Taylor Branch, author of the acclaimed America in the King Years, introduces selections from the trilogy in clear context and gripping detail.
The King Years delivers riveting tales of everyday heroes who achieved miracles in constructive purpose and yet poignantly fell short. Here is the full sweep of an era that still reverberates in national politics. Its legacy remains unsettled; there are further lessons to be discovered before free citizens can once again move officials to address the most intractable, fearful dilemmas. This vital primer amply fulfills its author’s dedication: “For students of freedom and teachers of history.”
This compact volume brings to life eighteen pivotal dramas, beginning with the impromptu speech that turned an untested, twenty-six-year-old Martin Luther King forever into a public figure on the first night of the 1955 Montgomery Bus Boycott. Five years later, minority students filled the jails in a 1960 sit-in movement, and, in 1961, the Freedom Riders seized national attention.
Branch interprets King’s famous speech at the 1963 March on Washington, then relives the Birmingham church bombing that challenged his dream of equal souls and equal votes. We see student leader Bob Moses mobilize college volunteers for Mississippi’s 1964 Freedom Summer, and a decade-long movement at last secures the first of several landmark laws for equal rights. At the same time, the presidential nominating conventions were drawn into sharp and unprecedented party realignment.
In “King, J. Edgar Hoover, and the Nobel Peace Prize,” Branch details the covert use of state power for a personal vendetta. “Crossroads in Selma” describes King’s ordeal to steer the battered citizen’s movement through hopes and threats from every level of government. “Crossroads in Vietnam” glimpses the ominous wartime split between King and President Lyndon Johnson. As backlash shadowed a Chicago campaign to expose northern prejudice, and the Black Power slogan of Stokely Carmichael captivated a world grown weary of nonviolent protest, King grew ever more isolated. As Branch writes, King “pushed downward into lonelier causes until he wound up among the sanitation workers of Memphis.” A requiem chapter leads to his fateful assassination.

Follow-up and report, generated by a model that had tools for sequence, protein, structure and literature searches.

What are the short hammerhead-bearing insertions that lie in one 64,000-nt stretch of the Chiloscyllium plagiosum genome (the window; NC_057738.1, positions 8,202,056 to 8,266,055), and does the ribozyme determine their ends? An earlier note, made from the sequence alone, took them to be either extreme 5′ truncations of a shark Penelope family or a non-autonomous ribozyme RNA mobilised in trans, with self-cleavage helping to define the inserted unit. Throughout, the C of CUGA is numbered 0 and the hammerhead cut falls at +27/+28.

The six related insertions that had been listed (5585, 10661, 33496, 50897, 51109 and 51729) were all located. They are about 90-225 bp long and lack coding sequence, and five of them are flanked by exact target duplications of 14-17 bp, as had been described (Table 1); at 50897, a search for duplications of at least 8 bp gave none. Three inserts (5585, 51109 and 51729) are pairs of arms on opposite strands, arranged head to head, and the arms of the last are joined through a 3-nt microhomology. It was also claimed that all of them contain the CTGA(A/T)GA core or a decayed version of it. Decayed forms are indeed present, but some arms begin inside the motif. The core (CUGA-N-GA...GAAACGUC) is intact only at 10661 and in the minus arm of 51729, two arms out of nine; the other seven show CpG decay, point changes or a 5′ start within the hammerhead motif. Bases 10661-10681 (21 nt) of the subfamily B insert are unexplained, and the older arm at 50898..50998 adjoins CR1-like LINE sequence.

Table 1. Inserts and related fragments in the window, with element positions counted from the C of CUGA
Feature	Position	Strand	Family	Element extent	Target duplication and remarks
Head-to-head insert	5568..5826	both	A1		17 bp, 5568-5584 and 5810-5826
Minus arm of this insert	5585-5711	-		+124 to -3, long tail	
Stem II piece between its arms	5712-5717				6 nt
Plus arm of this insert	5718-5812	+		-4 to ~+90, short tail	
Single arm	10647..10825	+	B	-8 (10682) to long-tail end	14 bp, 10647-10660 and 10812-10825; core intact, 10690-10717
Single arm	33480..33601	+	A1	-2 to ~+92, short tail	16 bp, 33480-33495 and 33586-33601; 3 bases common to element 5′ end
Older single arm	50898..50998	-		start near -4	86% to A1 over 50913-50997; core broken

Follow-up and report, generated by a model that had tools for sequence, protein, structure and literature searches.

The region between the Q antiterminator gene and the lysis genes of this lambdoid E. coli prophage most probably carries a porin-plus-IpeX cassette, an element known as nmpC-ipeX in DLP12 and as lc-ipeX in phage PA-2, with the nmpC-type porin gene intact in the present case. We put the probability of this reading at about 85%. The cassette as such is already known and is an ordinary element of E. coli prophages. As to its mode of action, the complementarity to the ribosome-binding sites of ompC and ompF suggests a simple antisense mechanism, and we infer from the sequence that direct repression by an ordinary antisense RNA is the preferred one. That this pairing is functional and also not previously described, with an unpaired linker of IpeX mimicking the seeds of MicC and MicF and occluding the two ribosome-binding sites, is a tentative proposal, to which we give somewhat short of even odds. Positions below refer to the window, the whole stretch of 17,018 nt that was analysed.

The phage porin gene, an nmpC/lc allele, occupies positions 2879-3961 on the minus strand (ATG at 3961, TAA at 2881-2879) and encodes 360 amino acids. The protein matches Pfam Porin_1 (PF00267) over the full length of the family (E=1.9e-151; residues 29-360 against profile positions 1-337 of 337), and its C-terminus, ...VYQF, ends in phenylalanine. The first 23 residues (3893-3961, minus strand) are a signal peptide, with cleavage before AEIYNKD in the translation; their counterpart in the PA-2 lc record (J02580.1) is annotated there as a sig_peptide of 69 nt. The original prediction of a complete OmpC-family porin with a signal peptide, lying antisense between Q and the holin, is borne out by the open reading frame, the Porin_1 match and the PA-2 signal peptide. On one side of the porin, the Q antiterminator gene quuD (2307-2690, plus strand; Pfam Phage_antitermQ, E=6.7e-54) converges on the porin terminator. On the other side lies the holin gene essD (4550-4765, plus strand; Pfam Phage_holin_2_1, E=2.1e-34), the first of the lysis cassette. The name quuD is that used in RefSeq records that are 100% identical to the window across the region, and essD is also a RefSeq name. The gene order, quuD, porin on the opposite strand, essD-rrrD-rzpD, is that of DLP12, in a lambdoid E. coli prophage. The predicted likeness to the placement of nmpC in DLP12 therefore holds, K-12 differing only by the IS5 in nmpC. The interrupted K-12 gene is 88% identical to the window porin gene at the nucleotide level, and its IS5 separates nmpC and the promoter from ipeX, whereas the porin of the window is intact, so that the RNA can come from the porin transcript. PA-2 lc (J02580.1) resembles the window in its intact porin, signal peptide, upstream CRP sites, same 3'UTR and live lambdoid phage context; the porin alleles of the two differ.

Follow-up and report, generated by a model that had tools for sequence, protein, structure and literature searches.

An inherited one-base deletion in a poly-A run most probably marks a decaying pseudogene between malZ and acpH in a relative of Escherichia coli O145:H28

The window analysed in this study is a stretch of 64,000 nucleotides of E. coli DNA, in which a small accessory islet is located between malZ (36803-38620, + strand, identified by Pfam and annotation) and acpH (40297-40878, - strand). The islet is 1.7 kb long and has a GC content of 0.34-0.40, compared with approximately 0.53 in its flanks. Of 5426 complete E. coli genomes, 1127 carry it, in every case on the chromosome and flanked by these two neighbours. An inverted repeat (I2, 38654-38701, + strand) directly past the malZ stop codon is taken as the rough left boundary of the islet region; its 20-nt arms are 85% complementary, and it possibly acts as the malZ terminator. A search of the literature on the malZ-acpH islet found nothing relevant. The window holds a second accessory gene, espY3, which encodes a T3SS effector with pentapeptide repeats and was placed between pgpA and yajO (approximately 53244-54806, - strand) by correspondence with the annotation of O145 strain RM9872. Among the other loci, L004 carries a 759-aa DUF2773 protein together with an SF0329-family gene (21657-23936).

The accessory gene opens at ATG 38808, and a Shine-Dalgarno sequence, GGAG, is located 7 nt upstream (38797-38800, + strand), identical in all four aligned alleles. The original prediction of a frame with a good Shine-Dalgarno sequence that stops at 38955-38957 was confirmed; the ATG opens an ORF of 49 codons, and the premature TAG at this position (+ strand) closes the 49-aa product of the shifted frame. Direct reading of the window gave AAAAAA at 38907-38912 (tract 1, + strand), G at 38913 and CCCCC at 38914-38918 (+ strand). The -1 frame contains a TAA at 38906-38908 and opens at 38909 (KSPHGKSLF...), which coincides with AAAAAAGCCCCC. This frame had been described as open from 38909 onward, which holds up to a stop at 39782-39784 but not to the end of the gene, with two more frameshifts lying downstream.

Branch (The Clinton Tapes) selects crucial scenes from his Pulitzer Prize winning three-volume history, America in the King Years, to capture the turning points of the civil rights era. Covering the period from 1954 to 1968, Branch begins with Martin Luther King Jr.'s first major speech, given during the bus boycott in Montgomery, Ala., after Rosa Parks was arrested for refusing to surrender her seat and ends with King's assassination on a hotel balcony in Memphis. In between are vivid vignettes that convey the movement's growth: Freedom Rides, sit-ins, the murders of the voter registration workers in Mississippi, the bombing of a church in Birmingham, and the marches to Selma, Birmingham, and Washington, where King's "Dream" speech addressed a quarter of a million people. Branch highlights King's relationships with major figures, including activist Bob Moses; Stokely Carmichael and the Black Power movement; J. Edgar Hoover; and King's collaboration with President Lyndon Johnson on the 1964 Civil Rights Act, and their lack of agreement on the escalating war in Vietnam. He also illuminates how the passage of the Civil Rights Act realigned the political parties during the stormy political conventions in 1964. Though King is the central figure, this is not a biography, but rather a compressed narrative history that, despite its brevity, captures the evolution of a decisive period that changed America.